India is now stated to be ready to share a part of the 450 MW of power it would produce from Baglihar dam with Pakistan. Pakistan does not agree to any change in the Indus Water Treaty of 1960. But India is reported to have said it could go ahead unilaterally with its power project although the Treaty does not provide for that. There are reports from India that it might scrap the treaty altogether. There is no progress in the talks on Wullar Barrage, Kishanganga dam and Baglihar Project as well, which India wants to use for navigation.
Evidently India wants to put the water of the three rivers to other uses than irrigation as provided in the Indus Water Treaty, while Pakistan wants to abide by the treaty faithfully. The gap between the two is very wide. And that could be bridged only through talks at the political level at the top and not by technicians. India’s attitude on the Baglihar Dam has become a source of anxiety, since New Delhi has shown little inclination to accommodate Pakistan’s legitimate concerns. It could have at least halted the construction on the basis of a design to which Pakistan has objected. Other CBMs can lose credibility if India acts unreasonably on the vital issue of sharing of Indus waters.

Indeed, with Wullar barrage on the Jhelum already on the agenda of the dialogue, and the Kishenganga project being mooted on the Indus, India appears to be preparing to put pressure on Pakistan on the very sensitive issue of sharing of waters. There is already a problem over the availability of adequate water for irrigation in Pakistan, and if India begins to tamper with supplies from the rivers awarded to it, the atmosphere of relations would deteriorate rapidly.

The Indian side did not show any flexibility and refused to stop work on the project even after the issue was raised at the highest level. The final meeting that took place between the water secretaries of the two countries, in New Delhi, in the first week of January, also ended without any result. Apparently, the Indian strategy is to delay the resolution of the problem and then present the dam to Pakistan and the world at large as fait accompli. Still, Baglihar dispute is not a part of the composite dialogue process between two countries. A drastic reduction of water supply to Pakistan, as a result of the construction of the Baglihar dam, with its present design, will not only erode the credibility of the treaty and defeat its very purpose but could also adversely affect relations between Islamabad and New Delhi. It is, therefore, imperative that the controversy over the construction of the Baglihar dam is amicably resolved, even at this belated stage, in a spirit of goodwill and mutual understanding. In any case, the issue should not be allowed to become another major irritant in relations between the two states. Indo-Pakistan amity is of overriding importance and hence must be promoted and preserved at all costs. However, a greater effort in this regard is called for on the part of India, for obvious reasons.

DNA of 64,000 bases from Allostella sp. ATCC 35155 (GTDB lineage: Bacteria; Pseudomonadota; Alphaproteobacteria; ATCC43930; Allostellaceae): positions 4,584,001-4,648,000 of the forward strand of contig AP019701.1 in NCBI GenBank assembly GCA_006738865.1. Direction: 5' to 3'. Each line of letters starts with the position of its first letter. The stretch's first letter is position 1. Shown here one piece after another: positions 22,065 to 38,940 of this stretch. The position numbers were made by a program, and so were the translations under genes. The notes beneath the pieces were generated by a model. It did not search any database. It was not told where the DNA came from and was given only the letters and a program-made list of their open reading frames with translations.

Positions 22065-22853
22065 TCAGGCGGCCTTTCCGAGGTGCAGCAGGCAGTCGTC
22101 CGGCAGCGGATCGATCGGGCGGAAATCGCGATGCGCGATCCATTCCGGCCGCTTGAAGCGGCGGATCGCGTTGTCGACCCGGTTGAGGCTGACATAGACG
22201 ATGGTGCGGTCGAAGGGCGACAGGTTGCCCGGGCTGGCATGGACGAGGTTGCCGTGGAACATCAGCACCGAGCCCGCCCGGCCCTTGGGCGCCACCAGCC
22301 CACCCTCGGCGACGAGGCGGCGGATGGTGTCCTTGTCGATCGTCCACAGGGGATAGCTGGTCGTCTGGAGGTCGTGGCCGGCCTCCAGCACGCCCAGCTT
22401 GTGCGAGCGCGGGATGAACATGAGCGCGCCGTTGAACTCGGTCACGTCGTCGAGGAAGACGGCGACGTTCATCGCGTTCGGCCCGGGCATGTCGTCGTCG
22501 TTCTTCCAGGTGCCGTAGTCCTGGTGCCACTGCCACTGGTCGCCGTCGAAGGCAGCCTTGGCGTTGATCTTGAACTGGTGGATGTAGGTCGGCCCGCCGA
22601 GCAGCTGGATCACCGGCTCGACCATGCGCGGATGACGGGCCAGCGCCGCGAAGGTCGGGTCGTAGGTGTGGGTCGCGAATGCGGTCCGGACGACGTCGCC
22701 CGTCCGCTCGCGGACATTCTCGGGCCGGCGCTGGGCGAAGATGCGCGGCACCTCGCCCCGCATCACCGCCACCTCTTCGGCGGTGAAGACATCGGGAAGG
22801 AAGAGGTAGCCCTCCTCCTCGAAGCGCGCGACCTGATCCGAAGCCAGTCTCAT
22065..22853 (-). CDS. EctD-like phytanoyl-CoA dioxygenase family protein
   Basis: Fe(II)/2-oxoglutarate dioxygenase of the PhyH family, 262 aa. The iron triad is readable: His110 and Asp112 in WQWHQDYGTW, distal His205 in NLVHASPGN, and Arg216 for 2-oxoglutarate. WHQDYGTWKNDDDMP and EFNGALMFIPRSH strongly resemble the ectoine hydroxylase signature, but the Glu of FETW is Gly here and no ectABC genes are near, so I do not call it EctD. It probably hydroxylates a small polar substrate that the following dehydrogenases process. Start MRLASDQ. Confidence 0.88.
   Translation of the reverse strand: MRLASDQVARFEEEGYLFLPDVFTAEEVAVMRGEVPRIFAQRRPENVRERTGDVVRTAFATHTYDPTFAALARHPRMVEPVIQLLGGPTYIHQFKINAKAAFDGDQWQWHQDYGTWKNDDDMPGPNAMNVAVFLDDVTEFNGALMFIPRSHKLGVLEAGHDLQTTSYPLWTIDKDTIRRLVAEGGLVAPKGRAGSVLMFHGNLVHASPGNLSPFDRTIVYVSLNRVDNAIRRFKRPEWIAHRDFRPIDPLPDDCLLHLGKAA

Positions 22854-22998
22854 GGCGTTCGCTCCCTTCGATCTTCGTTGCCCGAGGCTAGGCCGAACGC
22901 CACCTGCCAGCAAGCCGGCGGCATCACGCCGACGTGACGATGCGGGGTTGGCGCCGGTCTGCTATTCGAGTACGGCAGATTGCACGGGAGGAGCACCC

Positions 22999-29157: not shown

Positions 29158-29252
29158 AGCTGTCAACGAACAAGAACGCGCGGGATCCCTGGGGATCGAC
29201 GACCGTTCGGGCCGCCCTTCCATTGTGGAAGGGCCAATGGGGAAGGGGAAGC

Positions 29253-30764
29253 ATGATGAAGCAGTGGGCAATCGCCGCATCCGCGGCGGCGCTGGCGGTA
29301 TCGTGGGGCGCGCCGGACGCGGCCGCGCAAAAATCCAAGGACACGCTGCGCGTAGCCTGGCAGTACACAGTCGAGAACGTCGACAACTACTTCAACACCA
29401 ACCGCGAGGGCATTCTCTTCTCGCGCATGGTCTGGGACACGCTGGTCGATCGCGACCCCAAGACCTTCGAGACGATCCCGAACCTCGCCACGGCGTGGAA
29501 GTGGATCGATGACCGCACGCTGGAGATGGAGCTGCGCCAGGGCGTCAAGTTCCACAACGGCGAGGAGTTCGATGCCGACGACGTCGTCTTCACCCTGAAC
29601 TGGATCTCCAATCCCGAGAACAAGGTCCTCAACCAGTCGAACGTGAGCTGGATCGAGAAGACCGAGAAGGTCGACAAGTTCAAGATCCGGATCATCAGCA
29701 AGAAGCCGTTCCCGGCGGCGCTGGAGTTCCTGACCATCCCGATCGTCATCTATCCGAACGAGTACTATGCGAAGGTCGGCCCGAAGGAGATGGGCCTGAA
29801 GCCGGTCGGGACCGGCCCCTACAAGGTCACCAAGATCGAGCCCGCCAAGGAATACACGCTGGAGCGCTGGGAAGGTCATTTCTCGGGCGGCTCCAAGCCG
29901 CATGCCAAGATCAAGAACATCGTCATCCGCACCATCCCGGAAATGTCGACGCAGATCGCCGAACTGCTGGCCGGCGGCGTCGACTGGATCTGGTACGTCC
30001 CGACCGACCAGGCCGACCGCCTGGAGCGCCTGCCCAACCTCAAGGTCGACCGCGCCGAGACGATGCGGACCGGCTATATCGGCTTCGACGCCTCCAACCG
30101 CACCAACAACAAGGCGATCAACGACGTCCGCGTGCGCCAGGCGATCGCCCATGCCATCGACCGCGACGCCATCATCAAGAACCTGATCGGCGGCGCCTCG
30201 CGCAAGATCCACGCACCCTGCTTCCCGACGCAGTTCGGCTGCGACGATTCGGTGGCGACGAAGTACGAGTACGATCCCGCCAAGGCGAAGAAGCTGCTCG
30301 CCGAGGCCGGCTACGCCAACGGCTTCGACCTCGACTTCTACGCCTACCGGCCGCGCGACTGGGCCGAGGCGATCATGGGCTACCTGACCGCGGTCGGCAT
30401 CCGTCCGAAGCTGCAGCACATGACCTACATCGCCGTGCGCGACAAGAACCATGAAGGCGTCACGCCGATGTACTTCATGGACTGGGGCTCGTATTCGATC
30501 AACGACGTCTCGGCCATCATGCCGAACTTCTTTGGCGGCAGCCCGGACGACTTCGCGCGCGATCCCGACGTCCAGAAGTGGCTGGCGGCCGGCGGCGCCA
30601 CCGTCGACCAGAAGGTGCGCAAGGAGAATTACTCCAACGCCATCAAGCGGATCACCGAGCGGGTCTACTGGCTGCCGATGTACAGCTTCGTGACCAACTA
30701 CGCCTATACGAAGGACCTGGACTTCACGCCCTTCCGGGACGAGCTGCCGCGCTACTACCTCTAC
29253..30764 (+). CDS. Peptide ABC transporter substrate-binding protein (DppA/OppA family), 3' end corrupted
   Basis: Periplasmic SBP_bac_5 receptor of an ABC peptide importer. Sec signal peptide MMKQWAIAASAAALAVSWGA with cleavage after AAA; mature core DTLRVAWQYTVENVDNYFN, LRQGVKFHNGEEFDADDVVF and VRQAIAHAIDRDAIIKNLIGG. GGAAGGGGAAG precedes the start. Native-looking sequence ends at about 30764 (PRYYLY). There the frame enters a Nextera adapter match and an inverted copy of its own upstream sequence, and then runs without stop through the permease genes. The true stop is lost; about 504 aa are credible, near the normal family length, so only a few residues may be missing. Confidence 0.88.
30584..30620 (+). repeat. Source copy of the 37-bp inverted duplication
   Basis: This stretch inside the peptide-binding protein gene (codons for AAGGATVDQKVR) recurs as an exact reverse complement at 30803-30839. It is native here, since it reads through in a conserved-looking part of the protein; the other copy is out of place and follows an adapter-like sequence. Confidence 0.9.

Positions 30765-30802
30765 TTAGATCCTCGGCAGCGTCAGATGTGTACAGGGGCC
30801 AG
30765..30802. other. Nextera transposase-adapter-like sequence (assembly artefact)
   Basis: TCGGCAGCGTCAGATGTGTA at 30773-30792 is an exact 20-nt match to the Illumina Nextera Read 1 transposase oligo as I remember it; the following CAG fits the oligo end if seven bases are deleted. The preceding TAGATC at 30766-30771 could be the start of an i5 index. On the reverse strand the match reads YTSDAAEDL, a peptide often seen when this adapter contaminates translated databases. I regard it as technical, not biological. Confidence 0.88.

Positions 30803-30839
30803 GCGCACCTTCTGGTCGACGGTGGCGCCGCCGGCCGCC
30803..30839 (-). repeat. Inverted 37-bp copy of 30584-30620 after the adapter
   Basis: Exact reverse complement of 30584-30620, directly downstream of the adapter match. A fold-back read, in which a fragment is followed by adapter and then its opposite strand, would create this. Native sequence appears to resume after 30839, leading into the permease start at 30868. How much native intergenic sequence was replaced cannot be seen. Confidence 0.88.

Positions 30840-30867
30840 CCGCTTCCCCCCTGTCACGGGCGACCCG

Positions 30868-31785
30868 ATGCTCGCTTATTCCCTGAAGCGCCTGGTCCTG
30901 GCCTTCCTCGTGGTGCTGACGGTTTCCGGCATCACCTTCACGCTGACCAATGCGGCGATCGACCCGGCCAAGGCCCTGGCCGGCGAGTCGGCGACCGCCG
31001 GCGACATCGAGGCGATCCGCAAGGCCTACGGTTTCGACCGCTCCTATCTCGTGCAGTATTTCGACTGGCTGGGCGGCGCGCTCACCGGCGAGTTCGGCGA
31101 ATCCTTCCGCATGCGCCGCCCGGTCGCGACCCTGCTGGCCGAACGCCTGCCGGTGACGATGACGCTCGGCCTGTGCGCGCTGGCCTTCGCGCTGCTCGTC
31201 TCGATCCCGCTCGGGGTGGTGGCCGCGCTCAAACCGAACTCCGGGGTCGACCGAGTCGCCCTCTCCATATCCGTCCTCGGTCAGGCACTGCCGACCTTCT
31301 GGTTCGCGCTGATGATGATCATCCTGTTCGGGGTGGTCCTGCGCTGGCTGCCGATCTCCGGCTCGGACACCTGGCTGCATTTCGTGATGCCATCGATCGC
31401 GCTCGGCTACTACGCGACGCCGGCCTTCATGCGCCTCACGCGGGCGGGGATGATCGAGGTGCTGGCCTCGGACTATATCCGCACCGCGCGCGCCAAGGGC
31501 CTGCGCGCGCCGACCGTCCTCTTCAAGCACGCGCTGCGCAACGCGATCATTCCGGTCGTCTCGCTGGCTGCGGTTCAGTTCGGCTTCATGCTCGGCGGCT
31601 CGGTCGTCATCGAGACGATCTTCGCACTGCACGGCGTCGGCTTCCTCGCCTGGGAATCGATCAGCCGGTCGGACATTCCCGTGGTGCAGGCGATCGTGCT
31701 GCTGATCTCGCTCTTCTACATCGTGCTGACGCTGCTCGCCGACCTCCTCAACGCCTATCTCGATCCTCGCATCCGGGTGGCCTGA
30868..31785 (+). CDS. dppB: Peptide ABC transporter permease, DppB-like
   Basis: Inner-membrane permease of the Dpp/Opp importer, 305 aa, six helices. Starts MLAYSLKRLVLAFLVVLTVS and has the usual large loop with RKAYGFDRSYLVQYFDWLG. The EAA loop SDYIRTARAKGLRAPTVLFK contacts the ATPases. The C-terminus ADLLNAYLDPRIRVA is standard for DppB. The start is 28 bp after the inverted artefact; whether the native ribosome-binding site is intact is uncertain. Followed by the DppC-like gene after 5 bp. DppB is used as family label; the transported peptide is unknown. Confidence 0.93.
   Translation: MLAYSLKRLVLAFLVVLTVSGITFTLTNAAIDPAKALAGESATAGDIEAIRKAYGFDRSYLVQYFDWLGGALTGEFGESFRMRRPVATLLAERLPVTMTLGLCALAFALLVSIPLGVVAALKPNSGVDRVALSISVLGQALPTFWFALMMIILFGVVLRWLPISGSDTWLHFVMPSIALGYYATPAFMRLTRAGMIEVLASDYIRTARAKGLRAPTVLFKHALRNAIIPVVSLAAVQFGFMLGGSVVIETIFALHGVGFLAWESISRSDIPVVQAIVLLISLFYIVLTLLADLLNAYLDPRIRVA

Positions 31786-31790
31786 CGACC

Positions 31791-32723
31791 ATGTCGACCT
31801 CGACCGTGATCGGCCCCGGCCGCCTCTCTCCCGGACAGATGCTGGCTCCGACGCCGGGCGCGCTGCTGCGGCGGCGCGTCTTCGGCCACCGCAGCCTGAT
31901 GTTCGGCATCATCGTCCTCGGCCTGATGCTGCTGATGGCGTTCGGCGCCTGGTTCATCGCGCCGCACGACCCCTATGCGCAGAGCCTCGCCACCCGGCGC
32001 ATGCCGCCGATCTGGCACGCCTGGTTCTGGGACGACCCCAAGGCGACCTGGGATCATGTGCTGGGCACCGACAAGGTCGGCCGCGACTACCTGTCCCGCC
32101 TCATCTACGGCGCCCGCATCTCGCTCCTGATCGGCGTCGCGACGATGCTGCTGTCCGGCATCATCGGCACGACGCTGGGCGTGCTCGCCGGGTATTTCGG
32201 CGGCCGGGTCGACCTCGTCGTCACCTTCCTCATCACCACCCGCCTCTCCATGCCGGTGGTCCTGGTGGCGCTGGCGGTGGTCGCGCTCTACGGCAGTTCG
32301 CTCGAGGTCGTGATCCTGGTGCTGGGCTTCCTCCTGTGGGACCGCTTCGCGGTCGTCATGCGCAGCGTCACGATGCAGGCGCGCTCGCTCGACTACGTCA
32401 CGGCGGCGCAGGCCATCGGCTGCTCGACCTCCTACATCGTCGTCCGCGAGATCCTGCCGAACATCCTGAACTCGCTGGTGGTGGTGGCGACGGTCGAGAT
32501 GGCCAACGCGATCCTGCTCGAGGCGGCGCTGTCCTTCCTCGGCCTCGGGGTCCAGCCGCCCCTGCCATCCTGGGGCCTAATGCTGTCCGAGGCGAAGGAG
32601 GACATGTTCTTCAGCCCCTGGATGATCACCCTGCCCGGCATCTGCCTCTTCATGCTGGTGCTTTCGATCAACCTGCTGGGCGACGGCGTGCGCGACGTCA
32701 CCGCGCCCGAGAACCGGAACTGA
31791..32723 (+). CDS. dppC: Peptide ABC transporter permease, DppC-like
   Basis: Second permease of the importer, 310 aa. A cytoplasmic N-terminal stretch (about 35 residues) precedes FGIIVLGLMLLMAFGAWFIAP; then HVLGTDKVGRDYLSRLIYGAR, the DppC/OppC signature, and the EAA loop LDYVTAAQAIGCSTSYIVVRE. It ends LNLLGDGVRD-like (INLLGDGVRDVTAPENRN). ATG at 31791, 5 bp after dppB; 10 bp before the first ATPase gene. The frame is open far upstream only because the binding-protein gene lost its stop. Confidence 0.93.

However, it should be kept in mind that thus far, however, India has failed to respond to Pakistan’s questions and requests in terms of the Indus Basin Treaty. Recalling earlier threats by India to abrogate the treaty, Pakistan has to plan its strategy, and future relations in a manner that protects our legal rights with regard to the waters of the Indus system, which were not fully safeguarded even by the Indus Basin Treaty. In short, the issues between the two neighbors are not only complex but they also carry with them a heavy burden of history. They can only be tackled by creative and bold diplomatic initiatives which necessarily imply taking of calculated risks. After failure of talks on January 18, 2005 Pakistan raised six objections to the World Bank, a broker arid signatory of lndus Water Treaty. In April 2005 the World Bank determined Pakistani claim as a Difference’, a classification between less serious ‘Question’ and more serious Dispute’, and in May 2005 appointed Professor Raymond Lafitte, a Swiss civil engineer, to adjudicate the difference.

Lafitte declared his final verdict on February 12, 2007, in which he partially upheld some objections of Pakistan declaring that pondage capacity be reduced by 13.5%, height of a structure be reduced by 1.5 meter and power intake tunnels be raised by 3 meters, thereby limiting some flow control capabilities of earlier design. However he rejected Pakistani objections on height and gated control of spillway declaring these were conforming engineering norms of the day.

Both parties (India and Pakistan) have already agreed that they will abide by the final verdict. Designed to generate 450 MW of hydel power. The final report of the World Bank appointed neutral expert has been submitted at Berne, Switzerland. The report acknowledged India’s right to construct ‘gated spillways’ under Indus water treaty 1960.The report allowed pondage of 32.58 MCM as against India’s demand for 37.5 MCM. The report also recommended to reduce the height of freeboard from 4.5 m to 3.0 m.